GAMBRO, INC., doing business as Gambro BCT, Inc.,
Plaintiff seeks review of the district court's grant of summary judgment to defendant on her claims of gender and age discrimination in violation of Title VII of the Civil Rights Act of 1964, 42 U.S.C. §§ 2000e2000e-17, and the Age Discrimination in Employment Act (ADEA), 42 U.S.C. §§ 621-634. She also appeals the denial of her motion to compel certain interrogatory responses by defendant. We have jurisdiction under 28 U.S.C. § 1291, and we affirm.
We review the district court's summary judgment decision de novo, applying the same standard as the district court. Simms v. Okla. ex rel. Dep't of Mental Health & Substance Abuse Servs., 165 F.3d 1321, 1326 (10th Cir. 1999). Summary judgment is appropriate if "there is no genuine issue as to any material fact and  the moving party is entitled to a judgment as a matter of law." Fed. R. Civ. P. 56(c).
We examine the record to determine whether any genuine issue of material fact was in dispute; if not, we determine whether the substantive law was applied correctly, and in so doing we examine the factual record and reasonable inferences therefrom in the light most favorable to the party opposing the motion. However, where the nonmoving party will bear the burden of proof at trial on a dispositive issue[,] that party must go beyond the pleadings and designate specific facts so as to make a showing sufficient to establish the existence of an element essential to that party's case in order to survive summary judgment.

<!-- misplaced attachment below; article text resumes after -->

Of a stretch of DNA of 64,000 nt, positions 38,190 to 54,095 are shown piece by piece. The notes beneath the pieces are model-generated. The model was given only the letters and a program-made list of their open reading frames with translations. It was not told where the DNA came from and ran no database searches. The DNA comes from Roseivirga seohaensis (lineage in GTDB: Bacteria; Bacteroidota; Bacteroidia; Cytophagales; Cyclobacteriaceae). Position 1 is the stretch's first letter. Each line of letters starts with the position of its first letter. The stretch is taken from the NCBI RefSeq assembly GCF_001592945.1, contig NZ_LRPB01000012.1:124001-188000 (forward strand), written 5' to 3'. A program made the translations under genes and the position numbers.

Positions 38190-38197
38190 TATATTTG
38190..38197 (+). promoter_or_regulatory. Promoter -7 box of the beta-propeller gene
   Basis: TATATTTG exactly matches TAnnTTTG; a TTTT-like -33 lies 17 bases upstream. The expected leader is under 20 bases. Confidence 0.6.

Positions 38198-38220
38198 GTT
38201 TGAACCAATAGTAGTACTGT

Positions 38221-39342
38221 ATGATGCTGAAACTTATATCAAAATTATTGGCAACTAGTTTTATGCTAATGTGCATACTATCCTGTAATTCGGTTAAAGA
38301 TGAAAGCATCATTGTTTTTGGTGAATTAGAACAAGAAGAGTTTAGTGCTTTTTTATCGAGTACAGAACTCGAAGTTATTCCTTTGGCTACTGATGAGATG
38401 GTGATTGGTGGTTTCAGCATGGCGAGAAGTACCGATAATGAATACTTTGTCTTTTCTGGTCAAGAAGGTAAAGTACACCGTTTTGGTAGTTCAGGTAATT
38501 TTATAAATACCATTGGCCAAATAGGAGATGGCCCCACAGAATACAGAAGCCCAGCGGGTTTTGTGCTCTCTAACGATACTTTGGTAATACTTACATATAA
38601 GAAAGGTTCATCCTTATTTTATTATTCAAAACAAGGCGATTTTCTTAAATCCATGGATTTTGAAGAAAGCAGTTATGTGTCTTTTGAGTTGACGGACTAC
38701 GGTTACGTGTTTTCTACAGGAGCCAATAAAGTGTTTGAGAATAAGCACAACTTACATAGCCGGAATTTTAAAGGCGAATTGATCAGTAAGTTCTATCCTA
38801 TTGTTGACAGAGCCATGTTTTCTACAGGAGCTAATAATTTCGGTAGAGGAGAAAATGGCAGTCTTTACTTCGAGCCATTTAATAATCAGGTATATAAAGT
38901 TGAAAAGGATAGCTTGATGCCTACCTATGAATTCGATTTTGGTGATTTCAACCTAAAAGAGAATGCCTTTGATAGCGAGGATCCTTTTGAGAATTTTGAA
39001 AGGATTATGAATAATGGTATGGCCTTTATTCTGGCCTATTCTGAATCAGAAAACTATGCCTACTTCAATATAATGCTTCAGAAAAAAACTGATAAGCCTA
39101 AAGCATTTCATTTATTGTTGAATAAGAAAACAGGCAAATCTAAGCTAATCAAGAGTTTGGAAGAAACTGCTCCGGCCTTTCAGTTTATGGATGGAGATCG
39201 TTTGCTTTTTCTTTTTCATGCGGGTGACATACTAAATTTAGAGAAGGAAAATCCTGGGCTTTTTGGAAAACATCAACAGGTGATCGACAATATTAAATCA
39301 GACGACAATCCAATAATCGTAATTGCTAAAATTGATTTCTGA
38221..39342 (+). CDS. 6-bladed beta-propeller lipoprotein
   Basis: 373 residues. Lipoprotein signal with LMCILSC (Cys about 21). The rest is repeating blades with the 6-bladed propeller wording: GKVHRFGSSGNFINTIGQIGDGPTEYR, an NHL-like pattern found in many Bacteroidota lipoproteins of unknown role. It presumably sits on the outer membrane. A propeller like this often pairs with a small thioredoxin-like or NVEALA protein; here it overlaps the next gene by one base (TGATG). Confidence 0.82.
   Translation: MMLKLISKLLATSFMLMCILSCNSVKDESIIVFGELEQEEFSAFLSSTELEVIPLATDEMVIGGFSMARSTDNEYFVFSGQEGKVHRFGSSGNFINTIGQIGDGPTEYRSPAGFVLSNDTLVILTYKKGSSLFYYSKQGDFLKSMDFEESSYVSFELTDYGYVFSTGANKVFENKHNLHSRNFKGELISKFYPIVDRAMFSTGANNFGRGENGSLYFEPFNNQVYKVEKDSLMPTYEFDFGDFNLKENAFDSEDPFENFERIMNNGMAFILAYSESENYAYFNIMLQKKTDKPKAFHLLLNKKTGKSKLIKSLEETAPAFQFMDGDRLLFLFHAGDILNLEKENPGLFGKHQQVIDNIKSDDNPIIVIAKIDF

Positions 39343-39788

Neal v. Roche, 349 F.3d 1246, 1249 (10th Cir. 2003) (quotation omitted).
We review the court's denial of plaintiff's motion to compel discovery for abuse of discretion. Motley v. Marathon Oil Co., 71 F.3d 1547, 1550 (10th Cir. 1995).
The relevant facts are as follows: plaintiff had worked for defendant just over eighteen years when she resigned in September of 2000. She was forty-two at the time. When she resigned, she was being investigated for misconduct: specifically, falsifying the time records for one of her subordinates. Based on a September 15, 2000 confrontation by her supervisor (Bill Pettit) and a human resources representative (Beth Bohm), plaintiff admitted making alterations to the time cards of employee Tammy Maynes. Following this meeting, plaintiff was placed on paid leave pending further investigation. She was advised of the seriousness of the matter because it involved falsifying company records and that termination of her employment could result.
Following a September 22 meeting with Pettit and human resources vice president Kathe Burke, plaintiff was afraid she would be fired for stealing, a notation she did not want on her record. Aplt. App., Vol. II at 149. She then asked that her termination be shown as a resignation, id. ("I asked for the courtesy to resign."), which request was granted.(1)
In connection with her resignation, plaintiff signed a settlement agreement and release in which the company agreed to extend her health insurance benefits through October 31, 2000, and to provide a week's severance pay. Pettit initialed the front page but apparently did not sign the last page of the agreement at that time. Plaintiff signed the agreement, which clearly stated that she had seven days in which to revoke it and further that she released any and all claims against defendant for wrongful discharge and claims under the Civil Rights Act of 1964 and the ADEA. Id. at 247-52. Plaintiff received her final paycheck on September 22 and the severance paycheck within the following week. Id. at 164.